Prescription drug companies continue to price-gouge Georgia residents by employing anti-competitive practices that put profits ahead of people. Take EpiPen for example — a drug I need to keep on me at all times in case of an emergency.

In 2007, a drug company named Mylan purchased EpiPen, which at the time retailed for approximately $100. Mylan embarked on an extensive marketing campaign to promote EpiPen as a name brand and household product. At the same time, the company repeatedly hiked the price of EpiPen and challenged attempts by potential competitors to develop alternatives. By 2016, the cost of EpiPens had skyrocketed to more than $600, despite manufacturing costs remaining as low as $35 per pen.

Mylan’s behavior resulted in a 500% spike in the price of this lifesaving medication in less than 10 years.

This anecdote should, in and of itself, demonstrate the importance and urgent need for legislation that will take steps toward addressing the out-of-control price of prescription drugs.

In Georgia, the out-of-control price of prescription medications has become an unsustainable burden for too many families. Whether patients who need a product like EpiPen to be safe, diabetics who require insulin to survive, families dealing with a serious illness or seniors, many on a fixed income, who need medications to stay healthy and enjoy a good quality of life.

Voters across the country agree prescription drug prices are a top concern headed into this year’s election. And despite the escalating crisis of affordability, Big Pharma continues to go about business as usual. Big Pharma started 2020 by hiking prices on hundreds of drugs thousands of times.

While Georgia families struggle to afford their prescription medications, Big Pharma and their army of lobbyists are spending record sums to prevent sensible legislation from being passed. The pharmaceutical industry spent a whopping $29 million lobbying against market-based solutions to lower drug prices last year alone.

Georgians are struggling, and we need our leaders in Washington to act.

The Prescription Drug Pricing Reduction Act, which passed out of the Senate Committee on Finance last July, is a bipartisan bill introduced by Sen. Chuck Grassley and Sen. Ron Wyden, that includes a number of market-based measures that have won support from both sides of the aisle – including the vocal support of President Trump.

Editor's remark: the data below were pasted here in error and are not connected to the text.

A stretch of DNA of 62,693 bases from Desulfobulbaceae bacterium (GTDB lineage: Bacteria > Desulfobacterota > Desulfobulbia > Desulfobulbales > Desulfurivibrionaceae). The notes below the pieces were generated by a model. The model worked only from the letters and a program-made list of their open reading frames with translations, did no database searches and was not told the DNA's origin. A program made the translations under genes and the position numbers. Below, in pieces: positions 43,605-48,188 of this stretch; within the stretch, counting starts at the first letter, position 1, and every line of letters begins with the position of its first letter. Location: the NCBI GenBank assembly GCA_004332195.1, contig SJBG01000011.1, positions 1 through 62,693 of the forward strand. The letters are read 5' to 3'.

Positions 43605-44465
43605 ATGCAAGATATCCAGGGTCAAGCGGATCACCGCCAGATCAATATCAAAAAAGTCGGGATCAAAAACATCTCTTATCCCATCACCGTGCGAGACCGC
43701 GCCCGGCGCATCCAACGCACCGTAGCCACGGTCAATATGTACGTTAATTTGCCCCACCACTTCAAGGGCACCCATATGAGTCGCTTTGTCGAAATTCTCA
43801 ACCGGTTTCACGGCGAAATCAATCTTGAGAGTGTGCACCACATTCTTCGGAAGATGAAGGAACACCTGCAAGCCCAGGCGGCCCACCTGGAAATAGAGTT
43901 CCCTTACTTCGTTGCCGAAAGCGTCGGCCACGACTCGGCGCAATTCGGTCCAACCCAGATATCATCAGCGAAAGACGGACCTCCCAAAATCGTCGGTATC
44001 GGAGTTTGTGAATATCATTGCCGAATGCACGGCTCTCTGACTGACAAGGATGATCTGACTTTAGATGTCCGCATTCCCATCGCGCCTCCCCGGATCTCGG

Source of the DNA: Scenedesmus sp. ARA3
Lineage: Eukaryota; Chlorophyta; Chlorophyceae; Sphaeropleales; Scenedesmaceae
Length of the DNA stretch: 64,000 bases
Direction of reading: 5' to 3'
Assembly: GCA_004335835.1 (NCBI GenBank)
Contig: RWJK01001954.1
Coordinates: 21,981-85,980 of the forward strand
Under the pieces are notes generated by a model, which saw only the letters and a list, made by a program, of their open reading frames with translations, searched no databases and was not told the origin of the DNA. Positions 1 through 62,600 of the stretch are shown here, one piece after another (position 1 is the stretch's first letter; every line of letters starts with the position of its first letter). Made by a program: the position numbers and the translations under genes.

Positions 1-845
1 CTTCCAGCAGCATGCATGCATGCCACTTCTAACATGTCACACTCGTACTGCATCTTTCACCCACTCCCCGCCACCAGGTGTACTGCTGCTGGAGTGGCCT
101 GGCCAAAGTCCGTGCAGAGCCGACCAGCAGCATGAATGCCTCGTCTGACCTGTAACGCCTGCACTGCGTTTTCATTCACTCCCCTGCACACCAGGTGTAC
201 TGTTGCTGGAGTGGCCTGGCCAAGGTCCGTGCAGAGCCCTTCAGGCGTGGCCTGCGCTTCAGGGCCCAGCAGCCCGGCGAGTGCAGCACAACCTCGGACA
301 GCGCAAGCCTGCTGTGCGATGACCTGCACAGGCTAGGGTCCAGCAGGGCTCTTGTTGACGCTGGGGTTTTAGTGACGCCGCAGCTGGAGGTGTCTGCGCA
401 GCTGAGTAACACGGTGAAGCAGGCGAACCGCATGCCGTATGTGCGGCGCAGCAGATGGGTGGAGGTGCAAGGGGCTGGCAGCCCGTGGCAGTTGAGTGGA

The bill would increase competition, boost list price transparency and support increased use of biosimilar drugs. The bill would keep growth of prescription drug prices in line with inflation, would give more power to consumers and would provide out-of-pocket relief for seniors who rely on Medicare Part D for their prescription drug coverage. The legislation would also shift liability to drug companies in the catastrophic phase of Part D – giving manufacturers skin in the game and a reason to think twice about unsustainable price hikes.

The nonpartisan Congressional Budget Office has found the Grassley-Wyden plan would save patients and taxpayers $130 billion and also deliver relief for patients who have private insurance.

For millions of Americans like me who rely on prescription medications to stay healthy and maintain peace of mind, these are necessary solutions.

We are counting on Sens. David Perdue and Kelly Loeffler to deliver on Congress’ promise to lower prescription drug prices by getting the Prescription Drug Pricing Reduction Act passed now.

It’s time to side with patients and hold Big Pharma accountable.

Katie Cagle, of Ball Ground, is a college student and chairs the Youth Engagement Committee for the Georgia Republican Party.

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